This is kind of unnerving; when understatement is the goal or medium of a work, how do you differentiate it from (or not mistake it for) the “non-art” around it? Do you?
What does this mean for the artist and the creation process?
When looking at/for art, do we readily give artists we like/know more latitude, more time, the benefit of the doubt? Does this blind us to other experiences or discoveries? Is it a sign of dulling of critical approach or increasing orthodoxy?
SCENE: Bedroom. Night. Streetlamp right outside the window prevents total darkness. Awareness of my feet piercing the plane at the end of the bed. No comforter? There’s a sheet, and it’s tucked in. Something alights on my toes. Brushes against them. A butterfly? No, of course not. Damn you, Vladimir Nabokov… No, an Other’s toes. We’re sleeping close enough to brush toes. The mattress doesn’t have a giant seam running right down the middle. Time? Four o’clock in the morning. I’m wide awake. The role of the Bad Dream in this scene will be played by a thirteen-hour trip from normally-six-hours-away France. Well, at least there’s a DSL connection here. Vacation’s over.
Greetings from France. I promised at the start of this log that I would generally avoid travelogues/journals and stick to documenting the process of making a documentary film, but since I ended up not bringing any tapes with me on our vacation in France, the project is on vacation as well. That said, it’s not out of mind. There are a few things that we’ve seen here that stick in my mind and will probably find their way into the project/story in some way:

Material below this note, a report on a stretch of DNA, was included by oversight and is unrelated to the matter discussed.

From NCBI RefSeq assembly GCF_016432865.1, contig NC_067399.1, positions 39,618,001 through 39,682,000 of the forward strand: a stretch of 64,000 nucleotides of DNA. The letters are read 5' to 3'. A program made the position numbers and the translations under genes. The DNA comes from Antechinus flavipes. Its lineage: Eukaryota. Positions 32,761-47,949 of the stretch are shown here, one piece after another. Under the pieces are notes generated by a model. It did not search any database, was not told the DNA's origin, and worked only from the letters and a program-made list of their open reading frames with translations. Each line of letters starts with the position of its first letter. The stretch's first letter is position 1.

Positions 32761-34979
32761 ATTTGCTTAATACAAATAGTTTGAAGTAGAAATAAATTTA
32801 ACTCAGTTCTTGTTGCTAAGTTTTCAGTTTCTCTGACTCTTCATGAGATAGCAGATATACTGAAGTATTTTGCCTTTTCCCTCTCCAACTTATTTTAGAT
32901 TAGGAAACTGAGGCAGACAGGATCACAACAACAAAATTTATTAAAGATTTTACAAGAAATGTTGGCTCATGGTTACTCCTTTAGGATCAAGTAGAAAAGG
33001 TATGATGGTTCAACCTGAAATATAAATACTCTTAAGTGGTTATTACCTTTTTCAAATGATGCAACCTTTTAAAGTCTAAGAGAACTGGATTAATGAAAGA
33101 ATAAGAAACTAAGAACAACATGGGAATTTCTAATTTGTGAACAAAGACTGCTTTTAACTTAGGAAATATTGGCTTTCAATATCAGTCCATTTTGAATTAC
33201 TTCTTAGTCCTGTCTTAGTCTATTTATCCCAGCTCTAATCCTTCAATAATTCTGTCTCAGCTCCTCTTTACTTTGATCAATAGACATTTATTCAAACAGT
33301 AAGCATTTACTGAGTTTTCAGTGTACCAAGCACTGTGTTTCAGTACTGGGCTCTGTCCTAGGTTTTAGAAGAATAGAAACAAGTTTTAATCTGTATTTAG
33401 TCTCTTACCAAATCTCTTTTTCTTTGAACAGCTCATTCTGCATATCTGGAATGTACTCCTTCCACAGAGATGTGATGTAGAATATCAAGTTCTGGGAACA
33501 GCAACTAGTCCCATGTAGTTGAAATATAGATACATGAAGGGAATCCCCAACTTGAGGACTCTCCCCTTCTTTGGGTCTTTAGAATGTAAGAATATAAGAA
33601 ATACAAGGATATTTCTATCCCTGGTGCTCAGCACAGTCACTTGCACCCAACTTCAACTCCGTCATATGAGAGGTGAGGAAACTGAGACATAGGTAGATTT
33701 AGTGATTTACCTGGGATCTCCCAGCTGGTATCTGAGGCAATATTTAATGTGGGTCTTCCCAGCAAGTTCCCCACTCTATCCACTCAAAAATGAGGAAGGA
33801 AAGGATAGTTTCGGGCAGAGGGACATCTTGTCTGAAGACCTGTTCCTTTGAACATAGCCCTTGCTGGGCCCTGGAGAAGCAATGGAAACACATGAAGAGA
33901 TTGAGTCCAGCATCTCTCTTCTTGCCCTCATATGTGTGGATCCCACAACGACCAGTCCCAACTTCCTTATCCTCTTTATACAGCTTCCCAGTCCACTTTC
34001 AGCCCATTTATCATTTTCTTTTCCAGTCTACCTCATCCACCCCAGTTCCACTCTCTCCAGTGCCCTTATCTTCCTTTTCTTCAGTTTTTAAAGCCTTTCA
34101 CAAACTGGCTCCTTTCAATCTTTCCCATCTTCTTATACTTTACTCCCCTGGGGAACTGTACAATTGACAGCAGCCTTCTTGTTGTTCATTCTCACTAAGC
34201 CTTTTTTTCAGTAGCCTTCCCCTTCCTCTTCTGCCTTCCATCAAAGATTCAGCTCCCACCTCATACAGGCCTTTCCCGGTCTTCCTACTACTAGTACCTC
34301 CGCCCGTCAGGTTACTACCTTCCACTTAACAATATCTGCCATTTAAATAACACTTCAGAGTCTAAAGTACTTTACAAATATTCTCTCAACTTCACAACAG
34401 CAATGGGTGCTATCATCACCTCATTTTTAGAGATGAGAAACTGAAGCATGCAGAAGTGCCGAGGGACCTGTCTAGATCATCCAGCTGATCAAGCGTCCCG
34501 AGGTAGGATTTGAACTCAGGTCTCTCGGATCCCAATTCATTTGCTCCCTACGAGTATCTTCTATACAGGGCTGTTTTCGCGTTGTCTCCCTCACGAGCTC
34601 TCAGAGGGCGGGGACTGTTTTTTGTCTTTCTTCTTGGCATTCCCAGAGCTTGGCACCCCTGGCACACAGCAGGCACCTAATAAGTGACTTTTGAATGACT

Gleaners (see the link below on 8/5): My wife’s family’s house is in Provence, in a small village of farmers north of Aix-en-Provence. Fields everywhere of grapes, melons, tomatoes, and potatoes, which all remind me of Agnes Varda’s film.
Farmers: Of course, the rhythms and activities of the farmers around us here are very similar to those in Mapleton, the location we shot in earlier. Just today, in fact, we passed a truck loaded with baled straw. The fact that many of the farmers we see around are quite old also parallels the US, where it’s rare for young people to stay with the farming tradition of their families. One exception to that is the vintners, most of which continue as family businesses.
Nabokov’s Ada: Nothing like dense, intense reading on an otherwise unplanned, isolated vacation. I’d been told this was the most difficult of Nabokov’s books, and it is certainly complex. The narrative structure and fragmented timeline–written as commenting on looking back, memories out of chronological order–is kind of enticing and annoying at the same time. Nabokov gets the benefit of the doubt (I’m only 1/4 through); would people indulge such a complex structure for the film? Could I pull it off? Think about the film, Memento, which isn’t Nabokov, and forefronts the structure. battery’s running low. gotta go. a bientot.
I killed most of the afternoon looking for our tickets to a sold-out concert tonight at Madison Square Garden, turning our apartment inside out (and feeling compelled to return it to more-organized-than-before condition) in the process. Why? because American Express doesn’t provide purchase protection for tickets purchased on ebay [note: perishable link].
The desire to post this otherwise evaporating anecdote doesn’t bode well for my ability to keep this weblog on topic, though (see 28.07.2001 entry)…